Spinning economic growth without spurring growth

President Barack ObamaThe Obama Administration has had one consistent triumph in regard to economic policies – it knows how to spin the numbers. The fact that this has been one of the slowest recoveries after a recession would normally indicate that the economic policy chosen has been lacking, but for the Obama Administration it somehow justifies plowing ahead as long as the headlines sound good.

A critical example of this has been the unemployment rate. As the headline grabbing percentage has decreased there has been huge cries of economic policy success. Sadly these cheers of the headline data fail to provide even a glimmer of the true economic snapshot.

Since the recession started, there has been a non-stop decrease in the participation rate. The current participation rate is 62.8%, a low not seen in decades. It means that there are fewer Americans working than at any point since the 1950’s. The benefit of this (politically) is that the headlines show a decrease in unemployment when the reality is that there is an increase in the number of people no longer being counted in the calculation. We recently reviewed the underlying data from the Bureau of Labor Statistics in the article 6.1% Unemployment Rate: celebrate the headline, fear the facts

We also spoke about that trend in January 2013 – 6.8% Unemployment – another rose colored report – repost 1/10/14

“Since November 2008 there has been a continuous decrease in the number of people working in the nation. In that time there has been a drop of 3.1% in the participation rate, with no signs of improvement in the BLS data [http://www.bls.gov]. Yet, with a lower participation rate, the unemployment figure has decreased in December 2013 – because 400,000 people just don’t count anymore.”

But this game of hide-and-seek with the pertinent underlying economic data is hardly the sum total of the Obama Administrations attempt to claim success where there is none. The latest example is a bit of a shell game, where the general impression is an improvement that does not exist.

On July 12th, the Obama Administration announced the SupplierPay initiative. The plan is that some private companies, like the federal government, will pay smaller companies that provide goods to the larger company in a faster timeframe. The target goal is payment for goods and services in 15 days.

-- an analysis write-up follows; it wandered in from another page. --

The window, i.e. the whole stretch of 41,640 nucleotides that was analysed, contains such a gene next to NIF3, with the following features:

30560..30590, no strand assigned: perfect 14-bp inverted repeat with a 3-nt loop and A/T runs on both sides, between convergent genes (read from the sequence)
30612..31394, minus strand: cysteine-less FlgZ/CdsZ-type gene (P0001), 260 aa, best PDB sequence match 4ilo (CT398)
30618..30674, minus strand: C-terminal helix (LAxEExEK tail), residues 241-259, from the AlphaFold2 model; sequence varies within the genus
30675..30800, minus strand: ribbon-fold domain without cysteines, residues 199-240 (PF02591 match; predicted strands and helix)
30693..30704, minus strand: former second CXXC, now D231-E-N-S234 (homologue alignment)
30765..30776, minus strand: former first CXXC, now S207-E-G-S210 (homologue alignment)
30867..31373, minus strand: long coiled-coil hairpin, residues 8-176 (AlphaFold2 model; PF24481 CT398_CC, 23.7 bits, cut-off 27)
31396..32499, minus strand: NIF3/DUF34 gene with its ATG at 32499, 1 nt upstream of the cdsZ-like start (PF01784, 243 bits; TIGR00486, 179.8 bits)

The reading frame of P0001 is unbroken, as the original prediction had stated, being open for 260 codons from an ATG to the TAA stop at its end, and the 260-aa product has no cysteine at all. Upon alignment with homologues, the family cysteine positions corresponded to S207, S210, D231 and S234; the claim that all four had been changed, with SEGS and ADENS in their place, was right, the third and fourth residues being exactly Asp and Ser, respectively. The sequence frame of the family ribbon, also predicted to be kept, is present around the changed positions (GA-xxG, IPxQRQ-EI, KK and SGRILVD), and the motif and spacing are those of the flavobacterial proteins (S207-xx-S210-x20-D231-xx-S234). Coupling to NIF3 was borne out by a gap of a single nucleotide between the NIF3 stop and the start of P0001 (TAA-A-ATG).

“The White House said that program [QuickPay – federal version] has accelerated more than $220 billion worth of payments to federal contractors…”

Note the wording. Accelerated payments. Not new payments or sales. How does this spur growth?

Company X sells 15 widgets for $1000. Company X sends a bill for the sale to their Client, who normally pays in 30 days. But due to the Obama initative SupplierPay (or QuickPay) Company X has their money in 10 days. Should Company X start hiring new employees?

Of course not. Company X did not make a larger profit. Company X did not get new sales. The cost of raw goods and production has not been affected. Nothing has changed for Company X – so the result is NOT economic growth. It does circulate money through the banking system, but that is not the stated goal and a subject for a different discussion.

Yet it sounds like this is a massive positive. It sounds like Company X has more money, even though they only have exactly the same money they expected to have.

Much like the unemployment rate headline hiding the real problem in the participation rate, the headline of paying small companies faster does not directly create economic growth in those companies. This is the economics of headlines. There is no substance. There is no improvement.

Once again we suggest that President Obama, and the Congress, work to lower the corporate tax rate. A bi-partisan idea that has been trotted out every election year and then packed away without being addressed. It is one economic policy that has yet to be tried, and the one with an actual history of effectiveness.

If economic policy for the nation is to be anything more substantive than a headline, our Government must seek out effective policies that actually affect growth. That means that both the President and Congress must work together. It means that attempts to placate the American people – and the deception via obfuscation of facts – must cease. Spinning headlines does not create jobs or improve the economy, even when President Obama is doing the spin.

America’s economy and people deserve better than spin as policy.

About the Author

Michael Vass
Born in 1968, a political commentator for over a decade. Has traveled the U.S. and lived in Moscow and Tsblisi, A former stockbroker and 2014 Congressional candidate. Passionate about politics with emphasis on 1st and 2nd Amendments.

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